Interestingly and depending on the degree of saturation, free fatty acid may exert different effects on insulin signaling. Studies have demonstrated that saturated fatty acids such as palmitate (16:0) and stearate (18:0) impair insulin sensitivity in muscle[62,63], whereas mono-unsaturated fatty acids or poly-unsaturated fatty acids have no effect or even enhance insulin action[64-66]. Although the exact reasons behind these differences are unclear, studies have suggested that unsaturated fatty acids may be preferentially targeted for triglyceride synthesis and storage, whilst saturated fatty acids may be used for synthesis of critical lipid intermediates such as DAG and ceramide. These two lipid second messengers have been demonstrated to mediate deleterious actions of saturated fatty acids on insulin signaling.
DAG AND INSULIN RESISTANCE
DAG is a glyceride consisting of two fatty acid chains covalently bonded to a glycerol molecule. DAG, intermediate of both triglyceride and phospholipid metabolism, is an important second messenger involved in intracellular signaling.
DAG has been shown to accumulate in insulin resistant liver[68,69] and studies have shown that intra-hepatic DAG is an important mediator of hepatic insulin resistance in obese people with nonalcoholic fatty liver disease[70,71]. Elevated DAG content and activation of protein kinase C (PKC)ε has been associated with hepatic insulin resistance and the involvement of this “lipid-activated pathway” has been validated through the use of antisense oligonucleotide against PKCε in rats. Knocking down PKCε expression in liver protected rats from lipid-induced hepatic insulin resistance, despite increase in hepatic lipid content.
Several studies have decrypted the mechanism by which DAG-activated PKCs inhibit insulin signaling in liver. They show that IRS proteins are likely to be PKC’s preferential targets. DAG-activated PKCs inhibit IRSs activity through their phosphorylation on several serine residues, preventing consequently insulin activation of IRSs through their phosphorylation on tyrosine residues[73-75].
In muscle, however, data are contradictory. Itani et al were the first to point out the positive association between DAG content and muscle insulin resistance by comparing a group of subject receiving a lipid infusion to a control group. Lipid infusion resulted in a 3-fold increase in total DAG content in muscle, and reduced insulin sensitivity. Straczkowski et al observed that total muscle DAG concentrations were higher in obese compared to lean controls and lean offspring type 2 diabetics, and this increased DAG content was inversely related to insulin sensitivity. Other studies have also confirmed this correlation[78,79].
However, the association between DAG and muscle insulin resistance is still questioned. Indeed, Vistisen et al performed muscle biopsies during glucose clamps and they observed a reduction in insulin sensitivity after lipid infusion, without any changes in muscle DAG content. These results were confirmed by Anastasiou et al that compared obese type 2 diabetic patients to non-diabetics subjects and found no difference in muscle DAG content between the groups. Similarly, Perreault et al compared insulin resistant obese patients to glucose tolerant obese patients and again found no difference in DAG content between the groups. Even more intriguing, Amati el al observed a two-fold increase in DAG content in insulin sensitive human muscle biopsies compared to insulin resistant human muscle biopsies. More recently, the same group showed no difference in muscle DAG content between lean subjects compared to obese insulin resistance patients.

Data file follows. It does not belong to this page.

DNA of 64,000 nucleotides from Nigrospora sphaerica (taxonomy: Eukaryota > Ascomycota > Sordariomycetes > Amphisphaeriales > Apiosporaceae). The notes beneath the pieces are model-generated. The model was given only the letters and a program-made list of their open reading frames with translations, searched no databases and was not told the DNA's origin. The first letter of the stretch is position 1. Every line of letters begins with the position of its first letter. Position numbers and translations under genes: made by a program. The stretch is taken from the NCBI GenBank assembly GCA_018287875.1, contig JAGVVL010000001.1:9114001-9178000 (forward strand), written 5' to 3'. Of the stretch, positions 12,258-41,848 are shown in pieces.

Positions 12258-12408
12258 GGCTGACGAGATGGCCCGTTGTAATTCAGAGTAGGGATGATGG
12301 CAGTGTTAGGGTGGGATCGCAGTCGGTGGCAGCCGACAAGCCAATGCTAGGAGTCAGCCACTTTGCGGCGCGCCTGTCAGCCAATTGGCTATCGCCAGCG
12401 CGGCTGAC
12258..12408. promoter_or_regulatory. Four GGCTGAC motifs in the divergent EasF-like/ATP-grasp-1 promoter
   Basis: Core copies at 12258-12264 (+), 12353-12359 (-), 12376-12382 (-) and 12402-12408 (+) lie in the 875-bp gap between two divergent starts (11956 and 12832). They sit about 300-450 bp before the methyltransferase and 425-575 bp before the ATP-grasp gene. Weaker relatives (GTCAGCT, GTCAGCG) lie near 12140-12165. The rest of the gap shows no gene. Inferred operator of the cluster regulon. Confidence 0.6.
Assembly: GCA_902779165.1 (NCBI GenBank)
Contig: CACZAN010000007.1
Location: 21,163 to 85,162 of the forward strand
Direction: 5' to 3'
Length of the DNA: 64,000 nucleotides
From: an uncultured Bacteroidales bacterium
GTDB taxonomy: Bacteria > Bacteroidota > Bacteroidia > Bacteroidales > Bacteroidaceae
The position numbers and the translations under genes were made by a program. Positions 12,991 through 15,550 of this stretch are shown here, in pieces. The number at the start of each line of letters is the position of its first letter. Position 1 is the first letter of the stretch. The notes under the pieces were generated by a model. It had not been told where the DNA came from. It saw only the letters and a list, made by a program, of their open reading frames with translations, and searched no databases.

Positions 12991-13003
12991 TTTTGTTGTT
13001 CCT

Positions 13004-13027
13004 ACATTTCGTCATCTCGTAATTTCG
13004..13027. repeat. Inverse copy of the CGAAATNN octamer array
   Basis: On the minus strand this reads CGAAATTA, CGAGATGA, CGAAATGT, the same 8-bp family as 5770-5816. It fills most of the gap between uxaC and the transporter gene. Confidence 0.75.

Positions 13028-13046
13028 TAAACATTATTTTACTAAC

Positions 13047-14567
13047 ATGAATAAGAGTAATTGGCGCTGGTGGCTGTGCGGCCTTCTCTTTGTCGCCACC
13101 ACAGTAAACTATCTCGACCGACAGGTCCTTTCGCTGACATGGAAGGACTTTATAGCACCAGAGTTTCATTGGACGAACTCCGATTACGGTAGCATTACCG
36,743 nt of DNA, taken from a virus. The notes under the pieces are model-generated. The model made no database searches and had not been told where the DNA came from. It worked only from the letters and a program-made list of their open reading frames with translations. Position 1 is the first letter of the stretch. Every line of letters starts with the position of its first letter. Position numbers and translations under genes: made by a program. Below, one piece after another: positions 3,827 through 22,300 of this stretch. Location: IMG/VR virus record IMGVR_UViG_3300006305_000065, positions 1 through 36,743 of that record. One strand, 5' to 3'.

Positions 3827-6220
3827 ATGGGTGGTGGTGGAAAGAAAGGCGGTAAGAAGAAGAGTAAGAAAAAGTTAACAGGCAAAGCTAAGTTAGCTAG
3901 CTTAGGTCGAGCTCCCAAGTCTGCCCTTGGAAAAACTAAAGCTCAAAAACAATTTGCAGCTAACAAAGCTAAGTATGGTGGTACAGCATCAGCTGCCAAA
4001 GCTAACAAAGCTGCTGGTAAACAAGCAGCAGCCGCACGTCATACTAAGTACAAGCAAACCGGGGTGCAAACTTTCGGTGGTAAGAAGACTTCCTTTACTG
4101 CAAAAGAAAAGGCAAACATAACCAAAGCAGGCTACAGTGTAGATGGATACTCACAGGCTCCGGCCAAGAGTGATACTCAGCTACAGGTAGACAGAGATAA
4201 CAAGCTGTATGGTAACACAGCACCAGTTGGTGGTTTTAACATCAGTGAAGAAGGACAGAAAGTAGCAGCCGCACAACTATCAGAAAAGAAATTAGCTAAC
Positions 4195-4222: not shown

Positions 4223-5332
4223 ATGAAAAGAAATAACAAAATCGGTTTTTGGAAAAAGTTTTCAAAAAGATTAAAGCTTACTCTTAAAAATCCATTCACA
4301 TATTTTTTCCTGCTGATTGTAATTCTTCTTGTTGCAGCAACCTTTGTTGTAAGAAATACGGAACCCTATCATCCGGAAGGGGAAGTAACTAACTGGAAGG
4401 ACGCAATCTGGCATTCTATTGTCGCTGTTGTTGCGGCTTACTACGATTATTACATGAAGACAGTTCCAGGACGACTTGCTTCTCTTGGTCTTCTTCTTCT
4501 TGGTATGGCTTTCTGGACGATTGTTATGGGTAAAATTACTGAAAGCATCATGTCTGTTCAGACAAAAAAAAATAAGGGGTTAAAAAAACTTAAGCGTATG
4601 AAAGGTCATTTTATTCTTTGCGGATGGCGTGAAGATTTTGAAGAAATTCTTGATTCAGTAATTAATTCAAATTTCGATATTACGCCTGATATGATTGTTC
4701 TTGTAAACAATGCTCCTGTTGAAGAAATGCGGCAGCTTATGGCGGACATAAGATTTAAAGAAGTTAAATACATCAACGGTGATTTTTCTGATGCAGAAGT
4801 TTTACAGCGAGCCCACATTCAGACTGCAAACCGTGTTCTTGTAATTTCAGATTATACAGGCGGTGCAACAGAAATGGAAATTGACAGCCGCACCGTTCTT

Altogether, and in opposite to liver, it seems that DAG does not appear to be a crucial player in the onset of insulin resistance in muscle, and maybe more investigations are needed to really be able to conclude.
CERAMIDE AND INSULIN RESISTANCE
One of the main sphingolipid that has been demonstrated to play a crucial role in insulin resistance is ceramide. During obesity, ceramide is mainly generated from long chain fatty acyl-CoAs[85,86], and has been shown to be toxic lipid when it accumulates in tissues during obesity[87-89].
Ceramide is a bioactive sphingolipid that has been implicated in mediating or regulating many cellular processes, including cell cycle arrest, proliferation, apoptosis, senescence, and stress responses. Ceramide plays also an important role in cell membrane structure.
Formation of ceramide can be induced by different stimuli such as tumor necrosis factor-α, heat stress, oxidative stress, ionizing radiation, and chemotherapeutics.
Multiple metabolic pathways converge to ceramide (Figure 2): (1) The de novo synthesis pathway from saturated fatty acids that takes place in the endoplasmic reticulum; (2) The sphingomyelinase pathway that uses sphingomyelinase to break down sphingomyelin in the cell membrane to release ceramide; and (3) The salvage pathway in lysosomes that occurs through breakdown of complex sphingolipids to give sphingosine, which is then rescued by reacylation to form ceramide.
Figure 2 Sphingolipid metabolism.
Ceramide can either be newly synthesized in de novo ceramide synthesis pathway (1), or it can be the product of complex sphingolipids degradation, including sphingomyelin hydrolysis (2). The degradation of glycosylsphingolipids constitutes the salvage pathway (3). GCase: Glucosyl ceramidase; GCS: Glucosylceramide synthase; SMases: Sphingomyelinases; SMSases: Sphingomyelin synthases.